Attempting to break out of my artistic doldrums, I suited up and braved the cold weather to try some snow sculpture.
This cat is about three feet tall, with eyes and nose of stone, and whiskers of white pine.
The day was sunny for the first time in a long string of dark days, so I thought the snow would be prime for sculpting. However, it was still very powdery, and not packable. I had to bring buckets of water to mix with the snow to get it to stick to itself. I had a blast (by myself!) and managed to learn a lot about making non-snowman objects out of snow.
I started by shoveling a mound, then adding buckets of half water/half snow to the pile and stirring it up before it would congeal into packable matter. After that, I made additions by wetting both surfaces to be joined. It was cold enough, despite the sun, that the slushy mixture became icy pretty quickly, but that allowed me to use a garden trowel to scrape away and carve. .
My results are blocky and a bit rough. I would have continued for much longer, refining things here and there, if my feet had not turned to ice in my boots. Plus, I had already been working for three hours and needed to move on with the more responsible parts of my day.
The snow cat is thoroughly melting now because we’ve had some rain, but that is the way of temporary installations. When this one melts away, I would definitely try it again! I highly recommend snow sculpture, if you’ve got the available materials.
I find myself struggling with my art. I don’t know what to draw. Cats, of course, but I feel as if there should be more to it. Should I expand my subject matter? Create more complex compositions? Work larger? Draw in a series? Switch to acrylic? Build little theatrical scenes? Print and sew more fiber-related works? Work in a series? Develop a narrative? I want to do everything, and so, feeling overwhelmed, do very little.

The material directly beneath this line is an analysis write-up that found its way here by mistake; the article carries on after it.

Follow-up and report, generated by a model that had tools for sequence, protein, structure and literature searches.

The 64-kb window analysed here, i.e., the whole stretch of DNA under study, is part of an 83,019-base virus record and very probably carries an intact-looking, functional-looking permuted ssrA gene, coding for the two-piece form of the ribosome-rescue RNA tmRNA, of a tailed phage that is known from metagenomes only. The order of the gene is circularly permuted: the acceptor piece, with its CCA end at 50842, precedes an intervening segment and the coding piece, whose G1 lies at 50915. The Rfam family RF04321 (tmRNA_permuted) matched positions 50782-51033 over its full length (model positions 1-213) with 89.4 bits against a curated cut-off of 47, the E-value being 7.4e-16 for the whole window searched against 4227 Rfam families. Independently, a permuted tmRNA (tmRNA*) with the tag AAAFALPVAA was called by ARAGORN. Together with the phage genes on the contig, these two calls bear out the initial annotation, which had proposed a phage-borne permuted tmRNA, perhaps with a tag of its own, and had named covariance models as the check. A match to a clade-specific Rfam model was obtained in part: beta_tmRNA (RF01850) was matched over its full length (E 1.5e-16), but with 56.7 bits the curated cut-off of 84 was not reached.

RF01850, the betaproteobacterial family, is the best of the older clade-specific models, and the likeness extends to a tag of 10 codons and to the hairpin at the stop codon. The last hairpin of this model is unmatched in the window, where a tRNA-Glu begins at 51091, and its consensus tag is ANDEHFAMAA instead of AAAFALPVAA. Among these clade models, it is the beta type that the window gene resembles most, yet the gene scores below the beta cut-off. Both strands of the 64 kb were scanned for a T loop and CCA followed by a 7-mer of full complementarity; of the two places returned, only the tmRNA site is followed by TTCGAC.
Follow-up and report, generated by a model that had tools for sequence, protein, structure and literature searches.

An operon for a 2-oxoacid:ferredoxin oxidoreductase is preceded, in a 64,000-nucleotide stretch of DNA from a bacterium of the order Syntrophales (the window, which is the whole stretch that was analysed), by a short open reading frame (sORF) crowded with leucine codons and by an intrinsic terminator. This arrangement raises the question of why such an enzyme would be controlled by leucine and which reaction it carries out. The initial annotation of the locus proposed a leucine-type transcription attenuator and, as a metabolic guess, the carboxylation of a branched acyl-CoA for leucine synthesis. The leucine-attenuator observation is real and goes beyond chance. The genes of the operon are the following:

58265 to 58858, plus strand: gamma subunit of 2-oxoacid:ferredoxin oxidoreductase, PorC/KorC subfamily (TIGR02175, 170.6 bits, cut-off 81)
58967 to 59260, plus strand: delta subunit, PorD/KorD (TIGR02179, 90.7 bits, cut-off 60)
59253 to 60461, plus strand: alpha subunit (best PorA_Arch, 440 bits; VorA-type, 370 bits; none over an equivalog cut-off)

I made this drawing during a layover at Chicago’s O’Hare airport when I was traveling over the holiday.
The next two months will be consumed with creating costumes for a local high school production, and teaching adult art workshops. I look forward to do both of these things, but they also distract me from the work of my own art. At the same time, these experiences can also invigorate my personal practice. Maybe there something about the costuming that I want to incorporate into the personal lexicon of my art making? And, I always learn something new by teaching what I already know to others.
What do you do when you don’t know what to do? I’d like to hear how other creatives work through their less productive spells.
Random objects usually go on a shelf in my studio where they pile up as remembrances of people, places, or events. I used one such corner as inspiration for Day 3 of Inktober.
Day 3: Collect
The treasures on this shelf in my studio were given to me by friends, relatives, and former students.
The oldest item on the shelf is the cloth clown that I got at an art fair 20 years ago! The waving red cat, the blue sparkle cat, the giant black bird, and the can of soup all came from students. Every object here has a story that helps construct my memories.
A trinket from the fair. A little souvenir. Small gifts from friends. Do you have a collection of such things?